The answer is very clear - continual recruitment for the British army, conscription at the end of 1916 and tens of thousands of our young men, doomed to fight in a war that was no concern of theirs, delivered into the charge of British generals renowned for their brutality and, even worse, incompetence.
Bishop Thomas O’Dwyer of Limerick - the same man who later stood up to General ‘Butcher’ Maxwell after the Rising, stated early in 1914: ‘What have Irishmen or their forebears ever got from England, that they should die for her? It is England’s war not Ireland’s.’
In the interests of Ireland and humanity, the Military Council of the IRB, and James Connolly, on Easter Sunday, decided to strike with all available forces in Dublin, at noon on Easter Monday, to challenge the might of a brutal empire, form a provisional government pending free elections with women as well as men participating - real democracy and this nation no longer to be guilty by association of the crimes of Empire.
Mr Bury also refers to denunciation of the rebellion by Francis Shaw SJ. Everybody is entitled to their political beliefs, even a Jesuit. But I suggest that if the reverend had spent a few months in the trenches with Irish troops - starving and covered with lice and continually poised between the threat of death from German gunfire and execution by their own officers if their nerves snapped - perhaps he would rethink his stand on the 1916 leaders and John Redmond’s crazy war policy.
Maybe, like Francis Ledwidge, then in British uniform, he would agree with the poet’s sentiments on the Rising:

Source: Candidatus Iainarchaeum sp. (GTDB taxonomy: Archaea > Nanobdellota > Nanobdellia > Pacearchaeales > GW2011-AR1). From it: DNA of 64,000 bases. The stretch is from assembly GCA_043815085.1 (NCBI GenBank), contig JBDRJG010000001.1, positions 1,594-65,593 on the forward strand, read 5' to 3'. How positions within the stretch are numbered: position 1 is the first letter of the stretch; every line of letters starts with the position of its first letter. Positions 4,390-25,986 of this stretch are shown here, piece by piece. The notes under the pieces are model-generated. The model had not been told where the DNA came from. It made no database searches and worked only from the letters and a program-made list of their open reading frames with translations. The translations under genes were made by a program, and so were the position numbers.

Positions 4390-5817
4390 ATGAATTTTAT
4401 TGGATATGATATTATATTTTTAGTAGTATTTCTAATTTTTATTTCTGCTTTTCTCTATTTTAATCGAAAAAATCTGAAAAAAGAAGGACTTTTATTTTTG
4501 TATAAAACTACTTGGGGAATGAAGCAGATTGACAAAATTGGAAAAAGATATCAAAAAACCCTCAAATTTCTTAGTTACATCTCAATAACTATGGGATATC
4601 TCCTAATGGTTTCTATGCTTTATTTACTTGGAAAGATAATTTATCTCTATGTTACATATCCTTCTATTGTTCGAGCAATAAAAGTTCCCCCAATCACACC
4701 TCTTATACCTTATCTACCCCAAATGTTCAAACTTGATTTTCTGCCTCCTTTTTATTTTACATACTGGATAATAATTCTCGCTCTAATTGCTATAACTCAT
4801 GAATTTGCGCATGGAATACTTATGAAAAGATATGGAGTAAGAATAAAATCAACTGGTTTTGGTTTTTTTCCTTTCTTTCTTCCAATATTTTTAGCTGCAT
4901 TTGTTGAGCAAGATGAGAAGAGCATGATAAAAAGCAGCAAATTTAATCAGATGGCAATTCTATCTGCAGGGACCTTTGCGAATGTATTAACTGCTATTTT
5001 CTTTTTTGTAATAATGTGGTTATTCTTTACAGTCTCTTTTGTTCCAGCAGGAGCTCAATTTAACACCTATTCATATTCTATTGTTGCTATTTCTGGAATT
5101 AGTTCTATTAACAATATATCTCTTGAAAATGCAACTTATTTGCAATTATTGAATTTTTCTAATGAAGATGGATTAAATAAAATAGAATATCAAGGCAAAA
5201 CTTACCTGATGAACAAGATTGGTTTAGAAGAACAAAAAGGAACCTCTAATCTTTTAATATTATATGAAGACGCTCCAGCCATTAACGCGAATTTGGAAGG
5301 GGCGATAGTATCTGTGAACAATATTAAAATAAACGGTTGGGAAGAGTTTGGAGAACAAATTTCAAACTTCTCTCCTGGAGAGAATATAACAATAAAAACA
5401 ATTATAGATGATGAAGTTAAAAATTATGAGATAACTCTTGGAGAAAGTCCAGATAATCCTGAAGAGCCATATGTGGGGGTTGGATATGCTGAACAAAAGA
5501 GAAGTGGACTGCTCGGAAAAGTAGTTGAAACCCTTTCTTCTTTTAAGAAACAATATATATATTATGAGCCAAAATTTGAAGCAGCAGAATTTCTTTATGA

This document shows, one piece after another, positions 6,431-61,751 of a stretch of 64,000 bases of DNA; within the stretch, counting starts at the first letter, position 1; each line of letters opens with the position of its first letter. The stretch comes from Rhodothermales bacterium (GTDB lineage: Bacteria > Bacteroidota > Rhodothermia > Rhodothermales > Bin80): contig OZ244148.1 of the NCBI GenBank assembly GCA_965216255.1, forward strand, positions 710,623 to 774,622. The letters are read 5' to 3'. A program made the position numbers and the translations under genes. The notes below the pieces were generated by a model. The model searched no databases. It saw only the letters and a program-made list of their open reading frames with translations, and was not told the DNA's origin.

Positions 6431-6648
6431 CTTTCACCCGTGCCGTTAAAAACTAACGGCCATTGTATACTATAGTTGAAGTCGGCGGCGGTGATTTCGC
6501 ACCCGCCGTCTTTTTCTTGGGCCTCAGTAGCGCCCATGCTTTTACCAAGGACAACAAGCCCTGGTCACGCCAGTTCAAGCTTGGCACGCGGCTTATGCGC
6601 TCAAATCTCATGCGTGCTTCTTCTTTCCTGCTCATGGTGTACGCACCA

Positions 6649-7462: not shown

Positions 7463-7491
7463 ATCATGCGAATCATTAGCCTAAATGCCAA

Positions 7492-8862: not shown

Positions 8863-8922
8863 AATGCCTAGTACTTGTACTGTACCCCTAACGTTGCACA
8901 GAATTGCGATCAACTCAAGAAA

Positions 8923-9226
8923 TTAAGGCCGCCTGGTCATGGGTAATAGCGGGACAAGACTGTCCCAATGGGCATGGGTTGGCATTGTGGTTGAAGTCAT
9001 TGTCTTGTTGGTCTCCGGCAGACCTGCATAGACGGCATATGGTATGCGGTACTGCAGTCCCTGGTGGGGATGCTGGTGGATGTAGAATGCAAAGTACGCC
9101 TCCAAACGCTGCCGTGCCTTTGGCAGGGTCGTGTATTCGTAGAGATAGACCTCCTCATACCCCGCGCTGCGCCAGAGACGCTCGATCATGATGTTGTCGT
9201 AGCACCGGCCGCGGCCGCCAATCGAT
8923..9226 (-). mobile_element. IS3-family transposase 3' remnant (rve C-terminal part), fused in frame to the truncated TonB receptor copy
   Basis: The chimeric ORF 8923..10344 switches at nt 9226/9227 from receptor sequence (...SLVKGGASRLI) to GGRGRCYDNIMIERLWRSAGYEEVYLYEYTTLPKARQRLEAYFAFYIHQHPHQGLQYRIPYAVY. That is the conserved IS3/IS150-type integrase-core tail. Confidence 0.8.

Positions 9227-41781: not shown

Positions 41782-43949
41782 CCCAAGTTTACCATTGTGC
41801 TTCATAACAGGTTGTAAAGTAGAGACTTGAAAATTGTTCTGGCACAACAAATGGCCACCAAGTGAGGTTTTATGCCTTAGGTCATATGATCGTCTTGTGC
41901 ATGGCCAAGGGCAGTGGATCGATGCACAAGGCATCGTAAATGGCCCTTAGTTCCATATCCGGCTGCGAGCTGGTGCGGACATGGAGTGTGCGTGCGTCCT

‘A gallant failure is not in vain, it hath a victory of its own. A bright delectance from the plain down the generations thrown.’
Maybe if he survived the war, he might, like many thousands of Irish soldiers, have pledged his allegiance to the Irish republic and fought against England’s efforts to suppress the lawfully elected government of the Irish people.
Mr Bury denounces the record of the Irish state since 1921. Considering the cultural and economic devastation caused by centuries of British imperialism, we did very well.
Of course, mistakes were made, but all Irish governments were reformist. Steady progress was made. Astonishing things were achieved. One need only give three examples: de Valera’s clearance between 1932-39 of the Dublin slums which were the legacy of British rule; Cumann na nGael’s pioneering work in the promotion of the Shannon scheme; and the success of all the parties in ensuring Irish neutrality during the last war - the first time in hundreds of years that we were not dragged into wars caused by the aggressive policies or incompetence of the London junta.
In the future, historians will agree on the pivotal role played by Pearse, Connolly and their comrades in shaping Irish and world history. In measuring the results of Irish independence, they will agree that there was more good than bad, more successes than failures.
But future historians will also study with shocked disbelief the steady progress of British misrule over 80 years that has led us to the present ‘basket case’ in the Six Counties.
Nothing is perfect, though, and I suppose everything is relative. However, Mr Bury can rest assured that ‘An phoblacht abú’ with all its failings was and is a hundred times better than ‘Rule Britannia’.
Agus sin í an fhírinne.
Padraigh Ó Cuanacháin
Dún an Óir